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The Fraser Institute, Essential Nozick: A framework for society

Essential Nozick: A framework for society

Welcome to the essential ideas of Robert Nozick.

Political philosophies promoting a particular ideal future usually

envision one, ideal society where everyone must live.

But Nozick argued there wasn't one ideal society for everyone because people are so different,

and have such varying preferences. Instead, he envisioned a rights-based

framework where everyone is free to live the kind of ideal life he or she chooses.

Nozick's idea was a society where individuals could form their own communities, founded on

whatever preferences, principles, values and beliefs they chose freely with other people.

The key to this framework is that the government's only function is to protect people's basic rights,

including the right to associate and disassociate with others.

For example, people who prefer more government regulation, higher taxes, and more

government spending could voluntarily form such communities. While other people would be

free to form communities with less regulations, lower taxes, and a smaller role for government.

Likewise, people could even choose to

live in restrictive religious communities (if they chose to

do so freely) as long as their right to exit those communities is preserved.

Unlike several popular political philosophies that insist on one type of ideal society that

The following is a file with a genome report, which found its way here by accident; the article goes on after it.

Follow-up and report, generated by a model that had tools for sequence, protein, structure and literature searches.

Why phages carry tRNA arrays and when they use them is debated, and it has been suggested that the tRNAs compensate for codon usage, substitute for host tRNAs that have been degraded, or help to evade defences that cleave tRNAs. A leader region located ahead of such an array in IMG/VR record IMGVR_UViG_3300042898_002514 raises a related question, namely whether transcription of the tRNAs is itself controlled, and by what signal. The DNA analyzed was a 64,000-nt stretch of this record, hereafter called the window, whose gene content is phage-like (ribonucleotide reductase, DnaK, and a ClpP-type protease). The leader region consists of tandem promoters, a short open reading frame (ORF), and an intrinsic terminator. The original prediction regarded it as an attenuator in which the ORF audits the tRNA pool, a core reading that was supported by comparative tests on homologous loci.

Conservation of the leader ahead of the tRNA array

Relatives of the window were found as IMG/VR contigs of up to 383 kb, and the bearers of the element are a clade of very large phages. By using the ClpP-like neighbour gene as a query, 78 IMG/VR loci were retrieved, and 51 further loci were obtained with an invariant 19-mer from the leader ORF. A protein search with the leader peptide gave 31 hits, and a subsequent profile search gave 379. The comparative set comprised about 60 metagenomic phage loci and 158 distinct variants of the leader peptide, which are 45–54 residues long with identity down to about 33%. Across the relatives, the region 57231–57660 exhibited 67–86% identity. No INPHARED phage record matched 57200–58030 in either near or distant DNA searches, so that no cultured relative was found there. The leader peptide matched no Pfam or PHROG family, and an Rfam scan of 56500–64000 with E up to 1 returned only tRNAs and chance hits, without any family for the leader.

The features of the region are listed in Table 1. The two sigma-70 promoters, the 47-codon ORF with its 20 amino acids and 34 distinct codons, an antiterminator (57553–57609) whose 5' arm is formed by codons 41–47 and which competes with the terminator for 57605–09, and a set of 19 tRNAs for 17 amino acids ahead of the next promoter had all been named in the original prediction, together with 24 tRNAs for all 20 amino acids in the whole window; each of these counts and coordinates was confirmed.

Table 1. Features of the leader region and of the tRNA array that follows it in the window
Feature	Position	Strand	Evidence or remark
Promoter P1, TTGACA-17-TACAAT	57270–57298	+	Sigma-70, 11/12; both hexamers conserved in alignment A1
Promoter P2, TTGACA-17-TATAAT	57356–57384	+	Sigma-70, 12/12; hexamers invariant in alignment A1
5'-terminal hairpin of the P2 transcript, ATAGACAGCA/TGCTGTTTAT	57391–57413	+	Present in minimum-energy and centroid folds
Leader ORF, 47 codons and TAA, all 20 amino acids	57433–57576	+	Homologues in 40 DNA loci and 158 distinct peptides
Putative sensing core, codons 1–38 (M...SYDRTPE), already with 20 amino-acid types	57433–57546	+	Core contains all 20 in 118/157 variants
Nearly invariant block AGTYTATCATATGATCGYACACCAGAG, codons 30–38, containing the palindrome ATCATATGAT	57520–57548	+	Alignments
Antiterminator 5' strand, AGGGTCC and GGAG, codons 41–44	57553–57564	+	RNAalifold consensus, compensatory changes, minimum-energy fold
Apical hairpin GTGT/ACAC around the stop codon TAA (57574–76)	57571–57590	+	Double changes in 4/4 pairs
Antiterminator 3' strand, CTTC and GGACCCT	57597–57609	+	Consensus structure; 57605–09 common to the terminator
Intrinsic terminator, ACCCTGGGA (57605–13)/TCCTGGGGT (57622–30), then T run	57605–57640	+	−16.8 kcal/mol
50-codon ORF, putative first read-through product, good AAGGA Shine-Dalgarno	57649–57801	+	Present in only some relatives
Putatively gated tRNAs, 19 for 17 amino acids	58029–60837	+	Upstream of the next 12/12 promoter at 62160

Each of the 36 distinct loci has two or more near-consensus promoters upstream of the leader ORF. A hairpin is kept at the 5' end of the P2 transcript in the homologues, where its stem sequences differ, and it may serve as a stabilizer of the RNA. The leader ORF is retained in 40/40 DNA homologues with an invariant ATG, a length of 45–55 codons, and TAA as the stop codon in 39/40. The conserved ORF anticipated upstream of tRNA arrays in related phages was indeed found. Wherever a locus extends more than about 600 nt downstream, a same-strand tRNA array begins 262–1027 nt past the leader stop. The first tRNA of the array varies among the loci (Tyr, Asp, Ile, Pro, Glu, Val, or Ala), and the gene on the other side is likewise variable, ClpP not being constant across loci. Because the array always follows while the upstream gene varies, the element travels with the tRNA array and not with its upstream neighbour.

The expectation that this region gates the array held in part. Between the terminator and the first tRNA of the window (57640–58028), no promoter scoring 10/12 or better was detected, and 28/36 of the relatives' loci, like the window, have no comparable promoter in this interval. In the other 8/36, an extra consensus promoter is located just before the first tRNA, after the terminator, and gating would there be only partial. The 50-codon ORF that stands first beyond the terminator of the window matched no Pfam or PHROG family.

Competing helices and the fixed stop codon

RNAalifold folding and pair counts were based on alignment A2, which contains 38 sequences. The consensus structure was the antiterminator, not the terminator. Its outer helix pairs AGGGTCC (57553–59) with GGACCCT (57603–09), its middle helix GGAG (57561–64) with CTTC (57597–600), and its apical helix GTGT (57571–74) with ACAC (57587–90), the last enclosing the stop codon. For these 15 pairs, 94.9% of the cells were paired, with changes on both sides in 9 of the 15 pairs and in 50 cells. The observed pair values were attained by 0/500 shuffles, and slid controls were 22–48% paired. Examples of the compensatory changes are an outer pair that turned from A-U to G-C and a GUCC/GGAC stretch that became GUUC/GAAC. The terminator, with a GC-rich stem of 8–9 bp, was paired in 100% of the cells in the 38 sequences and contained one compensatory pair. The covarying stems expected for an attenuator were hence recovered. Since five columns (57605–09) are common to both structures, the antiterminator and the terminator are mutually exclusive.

everyone must conform to, Nozick's framework allows for different types of ideal societies to

coexist, and embraces the differences among people.

For more information on Robert Nozick, visit EssentialNozick.org, and to learn about

more essential scholars, visit EssentialScholars.org



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Essential Nozick: A framework for society

Welcome to the essential ideas of Robert Nozick.

Political philosophies promoting  a particular ideal future usually

envision one, ideal society  where everyone must live.

But Nozick argued there wasn't one ideal society  for everyone because people are so different,

and have such varying preferences.  Instead, he envisioned a rights-based

framework where everyone is free to live  the kind of ideal life he or she chooses.

Nozick's idea was a society where individuals  could form their own communities, founded on

whatever preferences, principles, values and  beliefs they chose freely with other people.

The key to this framework is that the government's  only function is to protect people's basic rights,

including the right to associate  and disassociate with others.

For example, people who prefer more  government regulation, higher taxes, and more

government spending could voluntarily form  such communities. While other people would be

free to form communities with less regulations,  lower taxes, and a smaller role for government.

Likewise, people could even choose to

live in restrictive religious  communities (if they chose to

do so freely) as long as their right  to exit those communities is preserved.

Unlike several popular political philosophies  that insist on one type of ideal society that

everyone must conform to, Nozick's framework  allows for different types of ideal societies to

coexist, and embraces the  differences among people.

For more information on Robert Nozick, visit  EssentialNozick.org, and to learn about

more essential scholars,  visit EssentialScholars.org

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